In fact it is interesting that in all of the "next game" choices players would like to see Petersburg is not on the list anywhere.  And yet, by allowing the map size to troop concentration ratio to enable troops to be deployed from map edge to map edge that is precisely the situation that devolves UGG Gettysburg into UGG Petersburg.


Perhaps the design team might think about scenarios of smaller scale with more of the map on the open flanks represented to allow "fair" flanking maneuvers while precluding off-map flank moves when there are real flanks that are not open.



PS - Chancellorsville was an exception in the Civil War.  Most battles were fought with the armies attempting to discover open flanks only to run into mobile reserves that protected open flanks (e.g., Gettysburg).  Battles more frequently resulted in head-on collisions because the armies were either evenly enough matched, or poorly commanded, so that flanks were not often exploited (e.g., Antietam).

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Just imagine what the multiplayer could look like with this possibility of offboard manoeuvres. It brings the fresh element of surprise, uncertainty and fear just like in the real battle. That is something what was fade away from MP long time ago.

The videttes would be used in a way what they were intended for. For scouting around the map for enemy moves from unexpected direction. The same for fast skirmishers. They would slow down the enemy movements to gain you the time to rearrange the defences and react on the new sudden threat. Cavalry would be used for fast redeployments to support the areas under imminent attack.

It brings many new tactical possibilities and decisions. Should I keep some brigades in reserve to guard already captured VP location and what exactly or should I risk and throw them to attack to leave them unguarded? The more VP I occupy the more I will be weakened in next advance just like in the real battle. Or should divide forces and send some of my troop offboard to surprise the enemy and where exactly. They can’t fight while offboard so I will be weakened for some time and the battle could be already lost when they reappear on the map just like in the Koro’s video.

It is definitely big leap in approaching to the feelings and situation of a commander in real battle. The history can stay in singleplayer. I hope I will find someone willing to play with this new rule. 

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There is a certain amount of comedy in this fair/cheating thread.  


By taking half of his army off the map the CSA defense was crushed - losing all of the VPs on the map and suffering more than two to one casualties.  


Dividing the CSA forces reduced their defensive firepower by 50%.  Bad idea in a timed scenario.

When the remaining half of the CSA army returned to the map it was crushed.  

While the tactic caused consternation it was militarily foolish.  

Not only did the CSA fail to hold any key positions - their army was decisively beaten and suffered more than two to one casualties.  Can't do much worse than that in this game.


If I was in Koro's shoes I'd be cheering for any opponent that performed such a silly maneuver in this situation.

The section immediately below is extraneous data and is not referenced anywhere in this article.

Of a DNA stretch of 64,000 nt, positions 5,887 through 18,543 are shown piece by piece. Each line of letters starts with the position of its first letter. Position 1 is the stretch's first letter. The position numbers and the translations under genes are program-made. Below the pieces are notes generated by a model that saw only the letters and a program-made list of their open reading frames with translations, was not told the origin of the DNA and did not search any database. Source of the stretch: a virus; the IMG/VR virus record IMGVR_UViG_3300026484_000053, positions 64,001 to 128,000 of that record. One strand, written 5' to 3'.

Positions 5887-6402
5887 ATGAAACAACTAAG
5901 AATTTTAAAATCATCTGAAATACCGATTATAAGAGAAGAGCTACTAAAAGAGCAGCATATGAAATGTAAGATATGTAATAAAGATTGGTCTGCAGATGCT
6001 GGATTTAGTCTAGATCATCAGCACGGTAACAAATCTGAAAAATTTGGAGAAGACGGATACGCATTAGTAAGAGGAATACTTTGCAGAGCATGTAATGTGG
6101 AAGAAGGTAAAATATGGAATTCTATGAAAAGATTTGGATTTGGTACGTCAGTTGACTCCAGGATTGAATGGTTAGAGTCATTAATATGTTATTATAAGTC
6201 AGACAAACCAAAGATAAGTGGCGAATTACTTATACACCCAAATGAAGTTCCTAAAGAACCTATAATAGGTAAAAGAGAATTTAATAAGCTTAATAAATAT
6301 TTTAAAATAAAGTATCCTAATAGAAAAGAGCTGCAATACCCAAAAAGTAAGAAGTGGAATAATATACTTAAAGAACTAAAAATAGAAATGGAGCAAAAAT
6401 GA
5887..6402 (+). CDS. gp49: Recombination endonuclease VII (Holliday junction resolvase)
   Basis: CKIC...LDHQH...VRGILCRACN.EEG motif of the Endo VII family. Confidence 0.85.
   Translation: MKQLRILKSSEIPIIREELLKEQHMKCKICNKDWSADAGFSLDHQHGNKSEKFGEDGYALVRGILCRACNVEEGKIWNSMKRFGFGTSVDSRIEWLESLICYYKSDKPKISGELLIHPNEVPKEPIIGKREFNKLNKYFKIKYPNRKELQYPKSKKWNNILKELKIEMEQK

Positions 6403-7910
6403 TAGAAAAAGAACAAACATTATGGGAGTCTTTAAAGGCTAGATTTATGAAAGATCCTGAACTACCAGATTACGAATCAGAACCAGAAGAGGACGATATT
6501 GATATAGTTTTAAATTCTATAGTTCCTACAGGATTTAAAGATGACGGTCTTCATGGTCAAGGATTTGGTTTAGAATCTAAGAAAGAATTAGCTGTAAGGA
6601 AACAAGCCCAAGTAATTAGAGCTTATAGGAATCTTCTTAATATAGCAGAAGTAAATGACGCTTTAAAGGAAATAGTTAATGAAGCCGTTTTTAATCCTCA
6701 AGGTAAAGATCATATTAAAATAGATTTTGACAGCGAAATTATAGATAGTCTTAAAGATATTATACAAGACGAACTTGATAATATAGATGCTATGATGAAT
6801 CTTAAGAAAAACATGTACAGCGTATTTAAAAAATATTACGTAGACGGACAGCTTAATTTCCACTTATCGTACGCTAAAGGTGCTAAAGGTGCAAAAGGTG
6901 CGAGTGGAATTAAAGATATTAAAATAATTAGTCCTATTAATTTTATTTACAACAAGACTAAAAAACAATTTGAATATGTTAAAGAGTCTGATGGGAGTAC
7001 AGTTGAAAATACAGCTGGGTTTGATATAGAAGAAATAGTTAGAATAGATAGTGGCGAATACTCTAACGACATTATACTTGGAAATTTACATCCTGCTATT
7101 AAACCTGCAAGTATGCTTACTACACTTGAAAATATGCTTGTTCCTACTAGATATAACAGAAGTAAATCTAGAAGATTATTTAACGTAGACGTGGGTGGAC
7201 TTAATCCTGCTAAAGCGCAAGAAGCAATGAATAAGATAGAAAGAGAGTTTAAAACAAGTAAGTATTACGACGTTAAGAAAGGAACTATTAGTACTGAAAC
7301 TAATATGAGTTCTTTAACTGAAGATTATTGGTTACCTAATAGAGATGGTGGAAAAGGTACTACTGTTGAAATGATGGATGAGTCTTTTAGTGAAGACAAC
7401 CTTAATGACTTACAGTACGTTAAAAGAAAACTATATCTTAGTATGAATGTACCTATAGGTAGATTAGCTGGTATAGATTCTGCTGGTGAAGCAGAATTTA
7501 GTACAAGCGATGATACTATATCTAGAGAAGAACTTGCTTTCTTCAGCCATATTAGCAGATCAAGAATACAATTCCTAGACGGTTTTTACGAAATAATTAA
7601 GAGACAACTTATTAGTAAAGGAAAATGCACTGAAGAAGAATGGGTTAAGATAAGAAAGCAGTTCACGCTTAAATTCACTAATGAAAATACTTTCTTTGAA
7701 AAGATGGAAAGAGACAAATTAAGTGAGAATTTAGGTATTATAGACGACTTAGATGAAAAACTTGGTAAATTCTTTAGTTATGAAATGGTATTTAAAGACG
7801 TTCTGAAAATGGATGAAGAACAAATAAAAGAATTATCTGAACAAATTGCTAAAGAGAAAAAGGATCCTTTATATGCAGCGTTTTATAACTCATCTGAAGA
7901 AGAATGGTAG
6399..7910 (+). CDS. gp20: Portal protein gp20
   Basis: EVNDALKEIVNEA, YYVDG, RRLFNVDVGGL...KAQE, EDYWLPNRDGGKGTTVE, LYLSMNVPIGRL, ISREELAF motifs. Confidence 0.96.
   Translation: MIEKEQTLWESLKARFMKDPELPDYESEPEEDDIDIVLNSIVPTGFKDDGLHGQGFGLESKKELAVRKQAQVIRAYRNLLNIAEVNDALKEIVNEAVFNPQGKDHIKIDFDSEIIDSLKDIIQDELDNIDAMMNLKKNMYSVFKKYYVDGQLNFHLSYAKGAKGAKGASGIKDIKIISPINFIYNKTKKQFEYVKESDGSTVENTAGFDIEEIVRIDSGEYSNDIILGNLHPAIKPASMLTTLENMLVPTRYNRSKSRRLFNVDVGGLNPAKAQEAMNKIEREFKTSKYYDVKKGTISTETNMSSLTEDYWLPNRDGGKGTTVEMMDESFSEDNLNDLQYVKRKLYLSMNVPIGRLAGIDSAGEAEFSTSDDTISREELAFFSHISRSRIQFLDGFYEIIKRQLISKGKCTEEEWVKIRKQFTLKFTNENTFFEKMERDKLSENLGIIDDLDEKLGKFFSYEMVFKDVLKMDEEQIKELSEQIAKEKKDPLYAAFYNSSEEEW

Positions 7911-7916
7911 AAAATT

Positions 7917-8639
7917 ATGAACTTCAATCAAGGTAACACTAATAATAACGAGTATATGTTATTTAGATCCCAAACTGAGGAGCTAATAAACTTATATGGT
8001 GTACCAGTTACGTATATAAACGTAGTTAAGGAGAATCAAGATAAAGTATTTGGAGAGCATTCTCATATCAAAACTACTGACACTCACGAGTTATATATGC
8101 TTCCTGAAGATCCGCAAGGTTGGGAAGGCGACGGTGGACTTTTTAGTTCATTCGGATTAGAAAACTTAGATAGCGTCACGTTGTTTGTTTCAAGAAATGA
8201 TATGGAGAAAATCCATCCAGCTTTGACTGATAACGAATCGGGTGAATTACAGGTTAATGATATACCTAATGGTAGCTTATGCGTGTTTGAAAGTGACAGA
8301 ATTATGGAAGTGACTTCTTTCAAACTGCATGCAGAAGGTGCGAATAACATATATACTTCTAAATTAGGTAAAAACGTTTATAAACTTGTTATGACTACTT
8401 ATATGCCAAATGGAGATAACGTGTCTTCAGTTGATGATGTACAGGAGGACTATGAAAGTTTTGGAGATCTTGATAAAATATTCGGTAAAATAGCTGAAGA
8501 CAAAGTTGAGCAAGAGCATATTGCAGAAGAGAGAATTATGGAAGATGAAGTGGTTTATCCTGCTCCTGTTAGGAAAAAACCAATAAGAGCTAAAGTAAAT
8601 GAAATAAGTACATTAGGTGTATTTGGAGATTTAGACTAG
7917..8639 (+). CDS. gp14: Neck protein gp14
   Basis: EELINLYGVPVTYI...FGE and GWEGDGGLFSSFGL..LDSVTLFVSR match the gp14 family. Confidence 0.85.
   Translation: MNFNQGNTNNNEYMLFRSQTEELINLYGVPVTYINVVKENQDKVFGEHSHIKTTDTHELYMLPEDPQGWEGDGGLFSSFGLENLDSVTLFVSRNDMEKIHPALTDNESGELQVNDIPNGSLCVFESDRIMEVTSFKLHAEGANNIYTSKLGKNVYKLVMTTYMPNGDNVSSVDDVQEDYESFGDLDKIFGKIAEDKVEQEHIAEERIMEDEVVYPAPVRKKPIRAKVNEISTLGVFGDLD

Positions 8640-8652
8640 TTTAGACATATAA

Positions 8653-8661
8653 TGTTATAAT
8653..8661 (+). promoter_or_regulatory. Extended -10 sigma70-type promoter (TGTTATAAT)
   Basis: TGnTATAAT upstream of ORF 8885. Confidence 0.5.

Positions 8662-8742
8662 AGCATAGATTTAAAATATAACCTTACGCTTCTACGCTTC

As Napoleon said: Never interrupt the enemy when he is making a mistake.


Thanks for sharing the video.

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I guess you have a fair point.. no pun intended :). I dont think the results would have been the same had I committed all my forces, especially the Iron Brigade. So lucky I was playing carefully I guess.


The last comment I will make on this matter is that if it were intented behavior, it would be possible to make this maneuver without having to use a brigade separated from the rest. Right now the arrow stops at the edge if you attempt to do this. How can it not be exploitive behavoir to have to deliberately place a brigade apart from the ones you want to move in order to perform a maneuver?

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Koro,  three of my daughters are named: Laissez, County,  and Un - so we are immune to fair-puns. ;)


If flanking in the game was as effective as it was on the ACW battlefield I'd maybe agree with your characterization of this move as exploitative.

However, getting on an enemy's flank has minimal impact in UGG.

(See Koro's video above as a prime example)

In UGG troops simply turn to face the threat.  When units rout they rout by brigade and each brigade fights on until it's condition is destroyed.  Thus, you never see a Corps collapse as I and XI Corps both did at Gettysburg resulting in 6,000 Union POWs.  


Bottom line in the UGG design Chancellorsville would be difficult to replicate.


The game designers might want to consider the impact that friendly units routing should have on other friendly units in the proximity of the rout.  

This would make the game more about battlefield tactics/planning/coordination/reserves rather than getting every unit on the firing line and plugging holes as they occur.

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I am laughing a lot right now :). What's your Steam name?


You are right about getting on the flank is not as deadly as it probably were in real life but it's still very useful to attack the enemy flank. If you can extend your line around the enemy 


Moral is inderectly affected as troops have higher moral is their flanks are covered. Thus, if a unit next to them routs, the remaining will be lower too though perhaps not as much as I could have.


I've found it a bit silly as I get better at using reserves that I just walk a 100 % moral brigade through a routed unit. Imagene their thoughts: "OMG RUN AWAY WE'RE BEING OVERPOWERED" vs. "LET'S GIVE THEM HELL BOYS".

In that sense you are right and moral should be more corps wise than unit wise.